Posted on Mar 02, 2021
UEFA has revealed it will not consider hosting Euro 2020 solely in England, despite ongoing Europe-wide concerns around the current pandemic.
The UK Culture Secretary Oliver Dowden is believed to have signalled to European football’s governing body that they could host all the matches, instead of the tournament taking place across the continent as previously planned.
The offer comes because of the UK’s excellent vaccination implementation, but it seems UEFA are not swayed by this, or any other attempt to hijack the hosting. After receiving a similar offer from Israel, UEFA put out a clear statement on the situation, cementing their intention to hold the tournament across Europe. “UEFA fully intends that all its events (including club finals and the EURO) will be staged in their intended venues and is working hard with its partners and stakeholders to secure that,” they are reported by Team Talk as saying.
That means host cities London, Glasgow, Dublin, Amsterdam, Copenhagen, St Petersburg, Bilbao, Munich, Budapest, Baku, Rome and Bucharest are all still scheduled to host games.
Whilst fans will not see the whole tournament hosted in England, as they did in 1996, they should still see both semi-finals and the final as they are scheduled to take place in London.
Euro 2020 promises to be groundbreaking for many reasons, not least because it will take place a year later than the name suggests, in 2021. That is because of the pandemic last year, which saw it cancelled and pushed back. It also means fans of international football are in for a treat, as a back-to-back tournament with Qatar 2022 is scheduled.
It is also the first to take place across multiple countries, although not the first to be split. In 2000 Belgium and the Netherlands co-hosted the tournament, which Austria and Switzerland did in 2008 and Poland and Ukraine in 2012. This is more ambitious though, a truly all-encompassing tournament for the modern age. It will also be the last European Championship for arguably the greatest player in the world, Cristiano Ronaldo.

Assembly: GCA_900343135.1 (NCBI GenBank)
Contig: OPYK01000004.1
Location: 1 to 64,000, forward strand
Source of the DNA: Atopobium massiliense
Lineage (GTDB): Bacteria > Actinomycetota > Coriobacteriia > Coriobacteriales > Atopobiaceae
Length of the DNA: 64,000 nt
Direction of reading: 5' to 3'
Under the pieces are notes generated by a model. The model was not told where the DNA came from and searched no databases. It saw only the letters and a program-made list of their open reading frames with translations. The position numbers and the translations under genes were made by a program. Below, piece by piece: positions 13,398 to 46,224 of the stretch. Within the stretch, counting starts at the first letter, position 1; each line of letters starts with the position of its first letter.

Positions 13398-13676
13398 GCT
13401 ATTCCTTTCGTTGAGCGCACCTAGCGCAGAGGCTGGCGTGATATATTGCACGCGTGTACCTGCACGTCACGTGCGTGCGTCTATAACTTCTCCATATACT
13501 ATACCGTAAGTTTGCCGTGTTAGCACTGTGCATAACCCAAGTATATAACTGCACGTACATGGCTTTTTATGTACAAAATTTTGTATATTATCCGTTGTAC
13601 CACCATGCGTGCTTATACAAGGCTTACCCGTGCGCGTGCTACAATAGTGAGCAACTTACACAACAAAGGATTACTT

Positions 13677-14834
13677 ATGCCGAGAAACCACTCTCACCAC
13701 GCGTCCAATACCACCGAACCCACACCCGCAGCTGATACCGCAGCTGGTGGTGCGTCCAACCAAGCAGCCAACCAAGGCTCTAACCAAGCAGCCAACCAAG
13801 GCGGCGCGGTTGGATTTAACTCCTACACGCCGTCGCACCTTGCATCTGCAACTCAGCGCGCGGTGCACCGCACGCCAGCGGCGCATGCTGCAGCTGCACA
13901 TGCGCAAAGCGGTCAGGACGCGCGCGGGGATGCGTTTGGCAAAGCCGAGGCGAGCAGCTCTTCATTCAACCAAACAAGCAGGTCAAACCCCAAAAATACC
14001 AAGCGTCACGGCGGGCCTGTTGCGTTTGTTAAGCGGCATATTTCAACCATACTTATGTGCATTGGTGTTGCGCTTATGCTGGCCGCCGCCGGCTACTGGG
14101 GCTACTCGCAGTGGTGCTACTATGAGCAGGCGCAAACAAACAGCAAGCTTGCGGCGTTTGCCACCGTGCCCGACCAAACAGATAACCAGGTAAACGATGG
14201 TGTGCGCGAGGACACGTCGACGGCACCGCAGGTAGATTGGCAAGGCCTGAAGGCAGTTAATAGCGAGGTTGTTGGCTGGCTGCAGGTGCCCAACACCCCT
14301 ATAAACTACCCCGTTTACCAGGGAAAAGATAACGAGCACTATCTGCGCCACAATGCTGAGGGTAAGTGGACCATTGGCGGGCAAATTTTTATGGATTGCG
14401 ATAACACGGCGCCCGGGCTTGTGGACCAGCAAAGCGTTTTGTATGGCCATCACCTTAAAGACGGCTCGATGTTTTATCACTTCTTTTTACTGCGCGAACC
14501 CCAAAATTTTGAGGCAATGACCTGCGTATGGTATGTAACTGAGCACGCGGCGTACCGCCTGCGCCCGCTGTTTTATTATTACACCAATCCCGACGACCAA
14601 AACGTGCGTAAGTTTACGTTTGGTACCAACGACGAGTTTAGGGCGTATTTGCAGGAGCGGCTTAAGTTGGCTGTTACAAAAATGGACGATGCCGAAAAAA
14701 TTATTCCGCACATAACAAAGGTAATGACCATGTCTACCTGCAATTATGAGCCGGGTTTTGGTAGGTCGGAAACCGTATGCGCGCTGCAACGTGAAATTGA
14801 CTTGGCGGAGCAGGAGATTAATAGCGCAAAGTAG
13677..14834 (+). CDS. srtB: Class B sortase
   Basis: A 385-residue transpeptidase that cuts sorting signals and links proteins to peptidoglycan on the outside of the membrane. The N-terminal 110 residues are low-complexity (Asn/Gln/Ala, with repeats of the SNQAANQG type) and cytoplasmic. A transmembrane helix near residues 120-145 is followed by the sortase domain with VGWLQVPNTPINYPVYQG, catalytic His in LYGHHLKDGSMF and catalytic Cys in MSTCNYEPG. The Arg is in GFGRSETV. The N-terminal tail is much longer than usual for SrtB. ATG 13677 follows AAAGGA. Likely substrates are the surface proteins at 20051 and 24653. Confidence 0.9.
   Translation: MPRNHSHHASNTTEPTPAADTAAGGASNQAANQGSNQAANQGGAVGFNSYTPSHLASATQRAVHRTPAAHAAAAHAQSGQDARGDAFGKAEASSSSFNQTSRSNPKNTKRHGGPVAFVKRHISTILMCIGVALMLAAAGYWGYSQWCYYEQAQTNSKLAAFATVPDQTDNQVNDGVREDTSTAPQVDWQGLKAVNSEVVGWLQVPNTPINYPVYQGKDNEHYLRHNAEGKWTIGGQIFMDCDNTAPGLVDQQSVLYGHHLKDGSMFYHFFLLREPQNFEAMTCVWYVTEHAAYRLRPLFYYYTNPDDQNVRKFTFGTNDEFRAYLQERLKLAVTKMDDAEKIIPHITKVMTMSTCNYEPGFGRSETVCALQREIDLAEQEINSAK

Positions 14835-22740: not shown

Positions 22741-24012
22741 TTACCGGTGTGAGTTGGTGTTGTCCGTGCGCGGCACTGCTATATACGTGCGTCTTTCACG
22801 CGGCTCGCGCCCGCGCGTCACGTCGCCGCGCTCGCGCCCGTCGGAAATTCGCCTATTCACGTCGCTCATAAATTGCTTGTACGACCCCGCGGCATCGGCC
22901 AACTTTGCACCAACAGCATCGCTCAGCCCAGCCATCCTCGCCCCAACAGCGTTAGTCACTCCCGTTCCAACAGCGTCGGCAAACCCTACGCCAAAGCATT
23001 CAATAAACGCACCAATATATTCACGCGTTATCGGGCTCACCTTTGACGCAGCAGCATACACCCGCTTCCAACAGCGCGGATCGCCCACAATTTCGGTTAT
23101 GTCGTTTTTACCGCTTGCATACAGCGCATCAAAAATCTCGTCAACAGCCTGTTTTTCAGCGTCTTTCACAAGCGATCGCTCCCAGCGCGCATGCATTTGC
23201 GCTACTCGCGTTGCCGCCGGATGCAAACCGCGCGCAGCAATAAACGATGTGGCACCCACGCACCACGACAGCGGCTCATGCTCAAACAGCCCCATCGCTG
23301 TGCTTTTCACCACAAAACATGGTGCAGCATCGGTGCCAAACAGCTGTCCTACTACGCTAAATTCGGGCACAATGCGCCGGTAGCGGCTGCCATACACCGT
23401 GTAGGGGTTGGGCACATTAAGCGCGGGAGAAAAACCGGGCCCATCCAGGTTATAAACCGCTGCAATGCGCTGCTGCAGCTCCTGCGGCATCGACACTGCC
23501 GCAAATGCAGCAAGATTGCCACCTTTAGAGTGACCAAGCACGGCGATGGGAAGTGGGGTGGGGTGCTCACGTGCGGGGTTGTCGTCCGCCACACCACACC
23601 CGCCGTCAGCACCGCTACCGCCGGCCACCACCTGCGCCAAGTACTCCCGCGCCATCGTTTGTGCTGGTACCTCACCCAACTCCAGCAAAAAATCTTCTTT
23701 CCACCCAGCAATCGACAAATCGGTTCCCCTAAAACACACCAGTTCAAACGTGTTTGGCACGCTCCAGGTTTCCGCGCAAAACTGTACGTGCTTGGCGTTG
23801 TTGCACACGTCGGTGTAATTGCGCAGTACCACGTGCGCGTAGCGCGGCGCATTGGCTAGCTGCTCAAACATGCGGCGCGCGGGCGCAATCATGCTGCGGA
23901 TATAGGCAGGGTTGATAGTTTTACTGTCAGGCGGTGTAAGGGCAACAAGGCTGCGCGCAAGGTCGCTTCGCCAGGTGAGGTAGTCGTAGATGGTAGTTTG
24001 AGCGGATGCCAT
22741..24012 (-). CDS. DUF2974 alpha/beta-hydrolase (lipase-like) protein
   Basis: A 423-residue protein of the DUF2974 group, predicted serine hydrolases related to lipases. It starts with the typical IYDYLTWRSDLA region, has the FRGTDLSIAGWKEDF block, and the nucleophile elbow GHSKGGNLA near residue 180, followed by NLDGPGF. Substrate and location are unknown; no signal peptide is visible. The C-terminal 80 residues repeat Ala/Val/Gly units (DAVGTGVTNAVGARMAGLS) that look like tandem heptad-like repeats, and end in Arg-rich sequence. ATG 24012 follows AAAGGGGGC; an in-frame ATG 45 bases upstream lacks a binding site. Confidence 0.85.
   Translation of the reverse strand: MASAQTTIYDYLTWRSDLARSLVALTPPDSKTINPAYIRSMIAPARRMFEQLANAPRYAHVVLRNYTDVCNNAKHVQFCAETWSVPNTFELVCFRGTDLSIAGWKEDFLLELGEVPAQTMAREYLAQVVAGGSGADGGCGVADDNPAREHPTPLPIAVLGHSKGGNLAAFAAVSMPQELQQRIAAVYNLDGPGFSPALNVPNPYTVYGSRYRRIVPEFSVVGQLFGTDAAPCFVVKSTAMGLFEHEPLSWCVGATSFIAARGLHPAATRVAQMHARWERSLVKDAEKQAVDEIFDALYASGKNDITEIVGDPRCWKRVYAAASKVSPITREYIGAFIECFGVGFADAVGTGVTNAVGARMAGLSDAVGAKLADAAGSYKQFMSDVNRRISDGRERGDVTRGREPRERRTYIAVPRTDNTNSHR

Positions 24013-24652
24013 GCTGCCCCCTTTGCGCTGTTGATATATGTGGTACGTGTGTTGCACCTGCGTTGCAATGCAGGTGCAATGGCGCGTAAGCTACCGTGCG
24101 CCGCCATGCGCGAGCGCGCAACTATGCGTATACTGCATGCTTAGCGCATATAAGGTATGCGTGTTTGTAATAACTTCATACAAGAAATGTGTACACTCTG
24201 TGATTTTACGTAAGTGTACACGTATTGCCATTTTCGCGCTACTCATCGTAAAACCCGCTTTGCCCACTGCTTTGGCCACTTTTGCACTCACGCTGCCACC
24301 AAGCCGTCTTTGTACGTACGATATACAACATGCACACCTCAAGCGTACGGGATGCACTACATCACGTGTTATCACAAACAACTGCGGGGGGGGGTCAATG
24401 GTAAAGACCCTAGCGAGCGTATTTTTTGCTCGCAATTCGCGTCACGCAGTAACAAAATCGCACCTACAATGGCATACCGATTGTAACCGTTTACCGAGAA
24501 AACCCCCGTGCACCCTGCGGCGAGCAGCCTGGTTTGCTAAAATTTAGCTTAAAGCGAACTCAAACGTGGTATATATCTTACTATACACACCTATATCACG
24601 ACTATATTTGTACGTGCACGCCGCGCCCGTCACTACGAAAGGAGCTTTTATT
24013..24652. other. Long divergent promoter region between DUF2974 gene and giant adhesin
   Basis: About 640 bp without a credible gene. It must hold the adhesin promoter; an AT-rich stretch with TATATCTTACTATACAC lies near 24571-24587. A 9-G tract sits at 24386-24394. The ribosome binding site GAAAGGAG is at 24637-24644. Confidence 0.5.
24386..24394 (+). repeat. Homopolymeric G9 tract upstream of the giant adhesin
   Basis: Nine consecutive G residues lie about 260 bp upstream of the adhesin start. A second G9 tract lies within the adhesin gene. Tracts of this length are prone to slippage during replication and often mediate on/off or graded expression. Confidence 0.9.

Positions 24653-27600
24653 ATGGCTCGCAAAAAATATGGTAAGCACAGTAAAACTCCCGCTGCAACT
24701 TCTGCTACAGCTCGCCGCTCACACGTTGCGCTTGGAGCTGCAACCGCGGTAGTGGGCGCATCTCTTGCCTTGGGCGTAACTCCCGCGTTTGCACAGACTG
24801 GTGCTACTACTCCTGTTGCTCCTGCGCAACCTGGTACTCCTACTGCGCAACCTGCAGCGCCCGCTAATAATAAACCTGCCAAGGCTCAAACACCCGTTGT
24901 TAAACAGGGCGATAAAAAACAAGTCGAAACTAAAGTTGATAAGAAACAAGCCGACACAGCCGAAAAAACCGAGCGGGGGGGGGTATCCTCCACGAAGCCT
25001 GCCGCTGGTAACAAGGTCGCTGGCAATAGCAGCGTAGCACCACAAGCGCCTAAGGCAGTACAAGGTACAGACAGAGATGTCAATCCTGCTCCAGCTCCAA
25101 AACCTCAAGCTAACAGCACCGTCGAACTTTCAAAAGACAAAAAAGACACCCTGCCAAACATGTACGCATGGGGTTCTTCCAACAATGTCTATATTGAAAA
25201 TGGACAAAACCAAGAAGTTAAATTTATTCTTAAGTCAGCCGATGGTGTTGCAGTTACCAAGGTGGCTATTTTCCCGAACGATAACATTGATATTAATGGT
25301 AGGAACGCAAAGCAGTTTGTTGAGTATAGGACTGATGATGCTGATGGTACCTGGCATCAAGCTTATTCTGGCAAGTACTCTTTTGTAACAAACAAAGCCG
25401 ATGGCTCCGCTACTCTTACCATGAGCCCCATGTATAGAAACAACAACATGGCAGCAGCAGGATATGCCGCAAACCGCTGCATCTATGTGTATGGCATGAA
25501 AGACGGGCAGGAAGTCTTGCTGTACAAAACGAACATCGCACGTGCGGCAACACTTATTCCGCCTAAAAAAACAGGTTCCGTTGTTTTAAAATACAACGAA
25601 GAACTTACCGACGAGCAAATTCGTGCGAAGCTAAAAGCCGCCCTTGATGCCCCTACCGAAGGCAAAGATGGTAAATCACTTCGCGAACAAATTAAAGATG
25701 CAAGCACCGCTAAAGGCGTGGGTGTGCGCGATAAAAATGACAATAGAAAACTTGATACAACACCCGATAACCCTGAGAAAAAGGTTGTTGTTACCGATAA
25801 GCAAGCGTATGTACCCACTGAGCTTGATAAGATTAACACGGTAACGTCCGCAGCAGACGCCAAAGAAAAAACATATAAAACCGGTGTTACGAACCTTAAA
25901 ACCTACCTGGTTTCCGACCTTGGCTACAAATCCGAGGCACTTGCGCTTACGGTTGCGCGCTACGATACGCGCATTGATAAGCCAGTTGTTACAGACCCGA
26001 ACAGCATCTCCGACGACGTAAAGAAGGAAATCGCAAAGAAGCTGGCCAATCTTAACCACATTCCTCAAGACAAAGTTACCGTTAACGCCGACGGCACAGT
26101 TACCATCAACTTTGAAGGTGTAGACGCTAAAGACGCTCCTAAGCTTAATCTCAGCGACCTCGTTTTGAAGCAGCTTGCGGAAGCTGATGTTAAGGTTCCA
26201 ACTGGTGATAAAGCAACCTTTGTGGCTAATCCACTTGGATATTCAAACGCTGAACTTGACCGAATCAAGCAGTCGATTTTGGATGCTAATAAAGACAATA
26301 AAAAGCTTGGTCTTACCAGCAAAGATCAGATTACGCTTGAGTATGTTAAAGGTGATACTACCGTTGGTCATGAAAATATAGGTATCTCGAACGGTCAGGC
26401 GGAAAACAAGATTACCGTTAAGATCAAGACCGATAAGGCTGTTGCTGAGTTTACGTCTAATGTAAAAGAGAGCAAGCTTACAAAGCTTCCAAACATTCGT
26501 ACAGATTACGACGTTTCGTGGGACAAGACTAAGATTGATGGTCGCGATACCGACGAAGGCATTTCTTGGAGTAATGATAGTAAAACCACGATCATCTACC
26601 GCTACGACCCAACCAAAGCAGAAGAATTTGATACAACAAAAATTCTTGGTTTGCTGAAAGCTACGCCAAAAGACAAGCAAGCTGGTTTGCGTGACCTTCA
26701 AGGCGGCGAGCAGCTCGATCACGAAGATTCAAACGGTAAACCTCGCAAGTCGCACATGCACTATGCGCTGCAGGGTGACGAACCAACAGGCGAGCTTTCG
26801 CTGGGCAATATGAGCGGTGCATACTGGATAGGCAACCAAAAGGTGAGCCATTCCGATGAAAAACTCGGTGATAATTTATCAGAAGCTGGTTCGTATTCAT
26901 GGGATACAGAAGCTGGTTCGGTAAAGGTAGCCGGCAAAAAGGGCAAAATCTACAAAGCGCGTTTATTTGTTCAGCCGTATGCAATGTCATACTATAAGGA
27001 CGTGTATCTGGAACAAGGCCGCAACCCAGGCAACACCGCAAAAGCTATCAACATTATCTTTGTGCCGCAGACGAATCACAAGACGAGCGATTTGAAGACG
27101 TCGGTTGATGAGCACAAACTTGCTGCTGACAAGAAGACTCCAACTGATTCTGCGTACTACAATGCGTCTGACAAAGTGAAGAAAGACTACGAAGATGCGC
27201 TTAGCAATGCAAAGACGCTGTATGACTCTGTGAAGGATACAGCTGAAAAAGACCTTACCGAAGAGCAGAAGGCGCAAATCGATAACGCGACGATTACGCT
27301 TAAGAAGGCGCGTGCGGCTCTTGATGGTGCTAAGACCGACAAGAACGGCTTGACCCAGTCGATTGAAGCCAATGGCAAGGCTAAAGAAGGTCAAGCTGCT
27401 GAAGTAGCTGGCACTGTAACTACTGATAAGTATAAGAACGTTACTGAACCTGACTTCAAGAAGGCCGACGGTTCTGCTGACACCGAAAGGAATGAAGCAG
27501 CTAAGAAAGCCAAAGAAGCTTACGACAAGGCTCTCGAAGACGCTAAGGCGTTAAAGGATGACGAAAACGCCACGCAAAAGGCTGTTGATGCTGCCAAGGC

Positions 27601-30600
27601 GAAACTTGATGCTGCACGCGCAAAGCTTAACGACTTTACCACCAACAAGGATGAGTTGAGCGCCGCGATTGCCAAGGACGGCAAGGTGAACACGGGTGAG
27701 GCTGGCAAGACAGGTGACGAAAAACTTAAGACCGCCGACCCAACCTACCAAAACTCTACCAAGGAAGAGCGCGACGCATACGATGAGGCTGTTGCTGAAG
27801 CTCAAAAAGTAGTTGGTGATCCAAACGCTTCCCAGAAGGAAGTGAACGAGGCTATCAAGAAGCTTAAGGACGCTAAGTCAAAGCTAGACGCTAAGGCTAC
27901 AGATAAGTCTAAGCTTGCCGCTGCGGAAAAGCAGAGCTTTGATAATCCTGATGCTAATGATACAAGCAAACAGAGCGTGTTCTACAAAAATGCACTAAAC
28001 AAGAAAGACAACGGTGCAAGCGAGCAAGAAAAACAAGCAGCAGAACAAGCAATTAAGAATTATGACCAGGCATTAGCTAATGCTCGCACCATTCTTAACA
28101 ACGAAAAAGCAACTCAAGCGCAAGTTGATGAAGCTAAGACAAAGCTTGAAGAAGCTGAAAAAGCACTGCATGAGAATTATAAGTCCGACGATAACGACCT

He was just 19 when he appeared in Euro 2004, helping Portugal to the final and a shock defeat against Greece. He made up for that in 2016, finally lifting a major international honour as Portugal beat France. He is 36 now and is still one of the top players in the world today, with Bwin demonstrating how his partnership with Paulo Dybala is one of the best in Serie A. Despite his stock still being high, he will be 39 by the time Euro 2024 comes around in Germany and highly unlikely to feature.
The European Championships started out as a competition for just four teams and spent many years at just eight, but Euro 2020 welcomes 24, with North Macedonia and Finland in their first-ever major tournament. Group highlights include current champions Portugal going up against world champions France in a group which also involves three-time winners Germany and rivals England and Scotland paired together as they were in 1996.
It certainly promises to be an exciting and engrossing tournament, and a long-awaited one too as fans have had to wait three years for a summer full of football. What they cannot expect, is for one country to swoop in and claim it for themselves, which to UEFA’s credit is surely the right choice.
Image (Christian Ronaldo): By Анна Нэсси - https://www.soccer.ru/galery/1053759/photo/730330, CC BY-SA 3.0, https://commons.wikimedia.org/...
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